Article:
Feminity in difficult times

Breast cancer is the most common female malignancy in the industrialized world. It is estimated that in Europe one out of eight women develops malignant breast disease during her life. 90 to 95% of breast cancer cases develop spontaneously, i.e. without evidence of an underlying cause. Only 5% can be explained by an inherited alteration in one of the two known breast cancer genes.


Even if the events leading to tumor development remain elusive, we still know a number of factors that can significantly influence disease risk. These include eating habits and environmental factors such as smoking or alcohol intake, but the use of hormones or the number of deliveries are equally important. Most likely it is not a single factor, but rather a combination of multiple modifications that are responsible for the development of a malignant breast tumor.


Since the risk of developing breast cancer increases with age, the participation in breast cancer early detection programmes is generally recommended in women aged 40 and older. For women with an increased familial background of breast or ovarian cancer an even more stringent programme is advised. In addition, every women should also perform a breast self exam at least once a month in order to detect suspicious lumps as soon as possible.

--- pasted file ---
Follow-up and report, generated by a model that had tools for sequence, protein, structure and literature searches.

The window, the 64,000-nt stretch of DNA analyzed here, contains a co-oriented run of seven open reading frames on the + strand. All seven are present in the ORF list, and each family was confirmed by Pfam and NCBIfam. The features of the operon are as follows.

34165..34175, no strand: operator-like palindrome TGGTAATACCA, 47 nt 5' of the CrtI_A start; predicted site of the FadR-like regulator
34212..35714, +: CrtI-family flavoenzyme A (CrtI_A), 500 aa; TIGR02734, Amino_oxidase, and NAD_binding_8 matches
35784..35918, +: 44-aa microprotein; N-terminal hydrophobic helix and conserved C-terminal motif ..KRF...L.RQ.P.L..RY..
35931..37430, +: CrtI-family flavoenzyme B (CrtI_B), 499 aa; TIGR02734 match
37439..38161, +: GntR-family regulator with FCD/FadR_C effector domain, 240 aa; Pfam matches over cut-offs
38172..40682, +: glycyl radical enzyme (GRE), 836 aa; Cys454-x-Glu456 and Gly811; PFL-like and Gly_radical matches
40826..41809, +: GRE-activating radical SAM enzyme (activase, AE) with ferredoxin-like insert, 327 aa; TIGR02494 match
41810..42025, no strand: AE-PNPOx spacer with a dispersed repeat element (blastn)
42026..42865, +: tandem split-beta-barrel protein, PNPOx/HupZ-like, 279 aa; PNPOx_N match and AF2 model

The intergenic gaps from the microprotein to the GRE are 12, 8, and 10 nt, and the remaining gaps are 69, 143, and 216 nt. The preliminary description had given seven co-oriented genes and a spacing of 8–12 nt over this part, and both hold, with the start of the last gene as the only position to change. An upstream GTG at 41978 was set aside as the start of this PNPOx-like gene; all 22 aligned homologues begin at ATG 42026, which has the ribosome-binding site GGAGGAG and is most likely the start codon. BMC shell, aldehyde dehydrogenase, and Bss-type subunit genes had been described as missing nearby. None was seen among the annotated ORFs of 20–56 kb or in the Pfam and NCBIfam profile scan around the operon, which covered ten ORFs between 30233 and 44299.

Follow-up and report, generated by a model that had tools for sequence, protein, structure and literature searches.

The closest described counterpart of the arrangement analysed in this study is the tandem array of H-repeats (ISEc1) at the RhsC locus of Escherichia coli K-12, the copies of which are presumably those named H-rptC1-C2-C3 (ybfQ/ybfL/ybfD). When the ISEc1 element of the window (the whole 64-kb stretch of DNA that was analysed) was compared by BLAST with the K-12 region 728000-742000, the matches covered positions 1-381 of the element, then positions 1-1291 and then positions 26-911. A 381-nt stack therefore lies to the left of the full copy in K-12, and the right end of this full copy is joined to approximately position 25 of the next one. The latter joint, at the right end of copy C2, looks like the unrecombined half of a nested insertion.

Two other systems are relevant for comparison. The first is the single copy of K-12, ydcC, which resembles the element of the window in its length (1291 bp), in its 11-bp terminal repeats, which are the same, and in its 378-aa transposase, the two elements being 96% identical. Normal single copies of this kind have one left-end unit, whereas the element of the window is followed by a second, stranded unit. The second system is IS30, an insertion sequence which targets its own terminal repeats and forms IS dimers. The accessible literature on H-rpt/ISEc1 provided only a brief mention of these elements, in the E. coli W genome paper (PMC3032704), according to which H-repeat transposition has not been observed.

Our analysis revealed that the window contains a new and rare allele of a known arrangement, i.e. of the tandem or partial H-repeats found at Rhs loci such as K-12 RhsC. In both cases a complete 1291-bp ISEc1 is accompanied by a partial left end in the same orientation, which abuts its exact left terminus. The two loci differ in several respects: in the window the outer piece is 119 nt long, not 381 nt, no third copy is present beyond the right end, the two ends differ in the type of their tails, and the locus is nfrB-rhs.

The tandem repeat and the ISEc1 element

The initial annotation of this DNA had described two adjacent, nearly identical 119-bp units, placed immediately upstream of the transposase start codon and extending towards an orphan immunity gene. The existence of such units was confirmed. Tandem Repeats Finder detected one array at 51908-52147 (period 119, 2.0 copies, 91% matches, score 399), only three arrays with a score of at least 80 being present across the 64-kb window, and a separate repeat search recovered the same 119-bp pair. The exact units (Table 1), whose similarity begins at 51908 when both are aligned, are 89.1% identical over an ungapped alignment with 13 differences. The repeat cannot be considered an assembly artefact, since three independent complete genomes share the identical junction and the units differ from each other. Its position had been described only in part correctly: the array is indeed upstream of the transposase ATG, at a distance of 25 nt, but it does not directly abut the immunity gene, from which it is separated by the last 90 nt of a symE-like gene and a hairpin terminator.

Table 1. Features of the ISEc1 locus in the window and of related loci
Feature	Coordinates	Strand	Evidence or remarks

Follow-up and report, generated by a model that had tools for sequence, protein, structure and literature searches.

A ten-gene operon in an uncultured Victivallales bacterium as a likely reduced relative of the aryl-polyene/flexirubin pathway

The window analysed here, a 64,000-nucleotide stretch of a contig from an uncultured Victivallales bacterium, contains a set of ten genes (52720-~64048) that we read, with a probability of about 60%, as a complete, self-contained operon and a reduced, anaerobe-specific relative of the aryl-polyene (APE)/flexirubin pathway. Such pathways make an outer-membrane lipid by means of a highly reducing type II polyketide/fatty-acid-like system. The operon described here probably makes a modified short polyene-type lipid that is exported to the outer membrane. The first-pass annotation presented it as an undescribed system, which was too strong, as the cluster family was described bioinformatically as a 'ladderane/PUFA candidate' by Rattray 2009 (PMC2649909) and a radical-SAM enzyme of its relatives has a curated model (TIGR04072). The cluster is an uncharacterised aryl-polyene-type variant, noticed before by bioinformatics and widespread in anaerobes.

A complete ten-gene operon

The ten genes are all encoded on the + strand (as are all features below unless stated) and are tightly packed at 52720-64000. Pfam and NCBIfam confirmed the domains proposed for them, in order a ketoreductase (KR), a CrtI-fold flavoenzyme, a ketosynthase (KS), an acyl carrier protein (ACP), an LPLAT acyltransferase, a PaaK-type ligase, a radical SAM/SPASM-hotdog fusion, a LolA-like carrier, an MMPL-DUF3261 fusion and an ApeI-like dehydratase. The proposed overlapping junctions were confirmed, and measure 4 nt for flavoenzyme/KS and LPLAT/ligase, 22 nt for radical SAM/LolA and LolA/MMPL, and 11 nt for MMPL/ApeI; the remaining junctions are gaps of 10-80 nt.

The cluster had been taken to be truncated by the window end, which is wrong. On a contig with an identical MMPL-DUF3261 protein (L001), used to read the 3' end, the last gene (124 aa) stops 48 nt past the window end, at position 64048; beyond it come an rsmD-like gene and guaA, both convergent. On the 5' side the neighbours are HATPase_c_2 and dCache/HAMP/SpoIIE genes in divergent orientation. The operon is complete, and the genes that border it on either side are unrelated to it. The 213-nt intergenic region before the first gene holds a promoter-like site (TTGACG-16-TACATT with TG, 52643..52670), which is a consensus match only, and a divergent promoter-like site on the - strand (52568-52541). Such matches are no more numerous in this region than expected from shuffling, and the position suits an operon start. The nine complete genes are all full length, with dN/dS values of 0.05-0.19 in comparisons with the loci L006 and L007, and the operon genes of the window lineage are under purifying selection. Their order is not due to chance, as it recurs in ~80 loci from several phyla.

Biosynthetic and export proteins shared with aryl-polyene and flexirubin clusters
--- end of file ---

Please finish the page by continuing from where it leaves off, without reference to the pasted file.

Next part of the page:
A malignant tumor is typically characterized palpated as painless, coarse, poorly circumscribed tumor that typically retracts the overlying skin or nipple. The development of ulcers or secretion from the nipple can also be a sign of breast cancer. Advanced cases can present with an infiltration and consecutive swelling of axillary lymph nodes - which thus become palpable – and with the development of liver, lung or bone metastases.


The complete resection of tumor tissue should always be attempted. In most cases, the breast can now be salvaged in the large majority of cases, and modern surgical techniques have made the previously much feared lymphedema of the arm a rare complication. After breast conserving surgery, local radiotherapy is usually administered to the breast. Further treatment strategies depend on the extent of disease and the recurrence risk. Dependent on the tumor constellation, both chemotherapy and endocrine therapy regimen can be administered. The development of modern antibody therapies has revolutionized breast cancer therapy over the last years and now allows us to offer a highly effective, yet well tolerated treatment option.

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